A Rifle We Passed on – Ross 1905 Sporterzied

Occasionally. Not Often. But occasionally I get an email or private message that goes something like this, “I wish I could find the deals you guys do”. Or…”It must be nice to have the hook-up for all these guns”.

The truth is, we don’t have any “hook-ups”. And frankly, we really don’t know that many people in the firearms business. We don’t get any special treatment at the gun stores. And as far as most FFL’s are concerned, we’re just schlubs like everyone else.

Ross 1905. Checking the sight. Does it work? It is all there? Correct version for this model?

And that is the way we like it.

How do you do we find interesting or cool guns to add to the armory? It’s simple logic and math. Or more specifically statistics. We always have a list of, “to-buy” with us on our phones when we travel. And most importantly, we take the time to look in every… nook…cranny…and dusty corner… of every… gun store… we visit.


Check the markings. Do they match the “story”? Many times rifles don’t.

Sometimes you just need to step back from the, “buy-me-now-tactical-counter” and just spend 10 minutes deliberately looking at the back-wall racks. Ditto for the, “They are so cheap we put them out in the middle of the floor because if someone steals one it’s no big deal” rack. C’mon! You know some shops have those. Often times, “there be gold in them-there hills!”.

What is the stock? After market? Or cut down military? Can we part it out?

But it’s always good to have a partner. A wingman. Someone you can call for help if you see something you are not sure about. Obviously in my case, it’s the ubiquitous Freeze. I know modern stuff very well. But military surplus or “old” guns? Not my bag. I learn more everyday. But Freeze is our resident, go-to, mil-surp guru. Especially when evaluating the economic or logistical viability “de-sporterizing” or repairing old guns.

Ross 1905 Sporterized straight-pull

The images you see strung about this article may seem incomplete or not quite professional enough to merit publication. And you would be correct. These images I took about 16 months ago before we acquired the US Property marked Ross rifle.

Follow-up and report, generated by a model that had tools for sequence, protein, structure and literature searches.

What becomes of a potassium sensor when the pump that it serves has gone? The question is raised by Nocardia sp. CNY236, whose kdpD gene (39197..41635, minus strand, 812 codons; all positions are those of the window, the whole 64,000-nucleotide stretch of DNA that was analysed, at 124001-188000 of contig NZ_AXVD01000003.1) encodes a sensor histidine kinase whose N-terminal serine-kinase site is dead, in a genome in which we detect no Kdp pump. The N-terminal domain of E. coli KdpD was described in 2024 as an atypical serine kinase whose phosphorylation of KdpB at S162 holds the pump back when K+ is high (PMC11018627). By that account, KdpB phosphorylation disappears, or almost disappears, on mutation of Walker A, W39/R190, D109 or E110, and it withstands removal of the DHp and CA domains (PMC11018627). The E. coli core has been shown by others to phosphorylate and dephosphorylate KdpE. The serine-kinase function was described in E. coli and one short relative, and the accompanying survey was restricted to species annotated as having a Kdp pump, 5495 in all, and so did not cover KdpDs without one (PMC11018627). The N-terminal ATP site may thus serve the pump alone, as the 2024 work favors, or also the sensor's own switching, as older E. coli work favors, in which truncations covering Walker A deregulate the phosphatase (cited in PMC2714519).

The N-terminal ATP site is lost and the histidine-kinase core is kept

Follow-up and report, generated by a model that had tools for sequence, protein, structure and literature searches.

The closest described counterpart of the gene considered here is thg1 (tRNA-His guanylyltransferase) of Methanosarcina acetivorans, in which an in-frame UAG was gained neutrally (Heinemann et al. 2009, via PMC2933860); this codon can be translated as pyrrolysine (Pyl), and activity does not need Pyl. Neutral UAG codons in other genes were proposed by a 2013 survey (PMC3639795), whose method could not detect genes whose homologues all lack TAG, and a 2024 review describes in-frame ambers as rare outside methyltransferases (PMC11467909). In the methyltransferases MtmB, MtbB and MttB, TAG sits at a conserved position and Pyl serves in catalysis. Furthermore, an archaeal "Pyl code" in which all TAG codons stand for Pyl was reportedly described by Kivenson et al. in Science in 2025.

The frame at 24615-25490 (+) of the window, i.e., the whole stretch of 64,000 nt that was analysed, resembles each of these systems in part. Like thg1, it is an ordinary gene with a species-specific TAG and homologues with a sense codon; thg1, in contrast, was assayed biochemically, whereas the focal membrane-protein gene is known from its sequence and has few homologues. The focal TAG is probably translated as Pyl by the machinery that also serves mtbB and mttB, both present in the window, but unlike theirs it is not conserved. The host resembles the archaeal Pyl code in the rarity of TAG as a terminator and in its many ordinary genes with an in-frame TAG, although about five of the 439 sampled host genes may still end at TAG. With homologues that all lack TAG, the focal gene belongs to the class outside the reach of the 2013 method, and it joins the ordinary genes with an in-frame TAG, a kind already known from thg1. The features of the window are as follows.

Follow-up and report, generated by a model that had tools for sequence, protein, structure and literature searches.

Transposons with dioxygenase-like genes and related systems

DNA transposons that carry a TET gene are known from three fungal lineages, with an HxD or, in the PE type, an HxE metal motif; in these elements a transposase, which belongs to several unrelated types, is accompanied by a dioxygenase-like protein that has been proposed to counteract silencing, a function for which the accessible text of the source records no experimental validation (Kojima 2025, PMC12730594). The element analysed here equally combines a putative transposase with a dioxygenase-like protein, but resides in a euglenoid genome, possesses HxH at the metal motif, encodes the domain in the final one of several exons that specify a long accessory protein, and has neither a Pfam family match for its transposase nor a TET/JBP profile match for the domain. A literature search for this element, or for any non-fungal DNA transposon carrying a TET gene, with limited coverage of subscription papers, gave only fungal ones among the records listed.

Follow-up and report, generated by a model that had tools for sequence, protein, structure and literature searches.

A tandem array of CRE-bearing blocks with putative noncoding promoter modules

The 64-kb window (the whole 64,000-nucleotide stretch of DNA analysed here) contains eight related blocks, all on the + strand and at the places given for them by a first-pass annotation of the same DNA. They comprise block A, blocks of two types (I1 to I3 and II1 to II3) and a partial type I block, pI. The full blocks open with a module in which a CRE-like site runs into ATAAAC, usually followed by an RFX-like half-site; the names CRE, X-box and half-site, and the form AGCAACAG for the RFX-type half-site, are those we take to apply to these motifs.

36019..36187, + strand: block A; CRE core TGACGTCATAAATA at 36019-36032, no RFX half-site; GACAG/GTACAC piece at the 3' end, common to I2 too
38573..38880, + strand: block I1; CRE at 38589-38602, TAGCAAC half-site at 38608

How is the action? Correct for rifle? Matching numbers? Parts missing? Put together? Goes into battery? Dangerous?

This particular rifle had been sporterized and may have been missing a few parts. The rifle was rough and automatically was going to be a rehab project. What I was doing was sending Freeze cell phone shots trying to determine if we should buy it.

Listed price? Plus parts? Will final project be cheaper than buying unmolested to begin with? Is this the “real” price? How long has it been sitting here? Maybe shops have date codes on tags only they can read. I bet they would take less. Point out flaws. Maybe bundle with multiple guns? Options are endless. But is it worth it?

Ultimately, we didn’t end up acquiring the rifle. But…for every cool gun you see over here, there are countless text message threads and photos discussing gun shop finds. That’s the hook-up: putting in the work
“Shooting Guns & Having Fun”

Marky Mark

Marky Mark

Writer at John1911.com
Writer for john1911.com. Co-Host of the John1911 Podcast. Video content provider for John1911-TV.

Areas of focus: Defense and National Security, Modern Light Weapons, Analysis of the Geo-political / Military Relationship in the Context of Strategic Goals.
Marky Mark

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  • Do you hunt for project guns? Have any stories to share? Bad or good experiences? Home-runs or money pits?

    Post them here.


  • Jon Layman

    Got a model 15 S&W that had a broken rear sight, and a model 17 that had the barrel cut and no front sight. Got a little deeper in the pocket on both of those than I would have liked. But I got them both fixed up and they are two of my favorite wheelguns now. Also have a Bubba model FR-8 Mauser with a broken ejector that I keep behind the gun safe. Didn’t know what it was when I bought it. Just that it was 7.62, bolt action, and it had a flash hider!! I will get to that one eventually.

    • Freeze

      Project guns can be fun and if bought right cane a great deal. If one is handy and can do the work themselves it save a ton of cash and can give you a nice return. If you have the time, they can be awesome winter projects. Don’t let nasty weather hinder your gun fun.

      • Or you could find a friend to do it for you….


    • I would jump all over a “broken” FR-8 to save a few bucks!!


      • Jon Layman

        I think I gave Just over $100 for it, but as I said, it has seen a good bit of kitchen table monkeying. Handguard is gone, cleaning kit holder ground off, stock cut down. For the price I paid, I figured it for a tractor/truck gun. Need to get on finding an ejector though.

        • Would any standard Mauser ejector work?


          • Jon Layman

            Thanks for the advice guys. Really enjoy what you do!

          • Freeze

            Not a problem, we enjoy talking shop. Let us know how the repair works out.

        • Freeze

          Jon, double check the ejector to see if its not stuck or gummed up. Mauser ejectors are pretty tough and are not prone to breaking. Not saying that they can’t but they usually don’t. With that said, if it is broken and K98 mauser ejector should work. Let us know how it goes.

          • Jon Layman

            It doesn’t need to be from a Spanish Mauser? It is broke, I have looked at it closely.

          • Freeze

            Jon, On the FR-8 the bolt system was made by Mauser and the barrels were made by CETME or H&K. A k98 ejector should work just fine. It may need a little tweaking but that shouldn’t be an issue.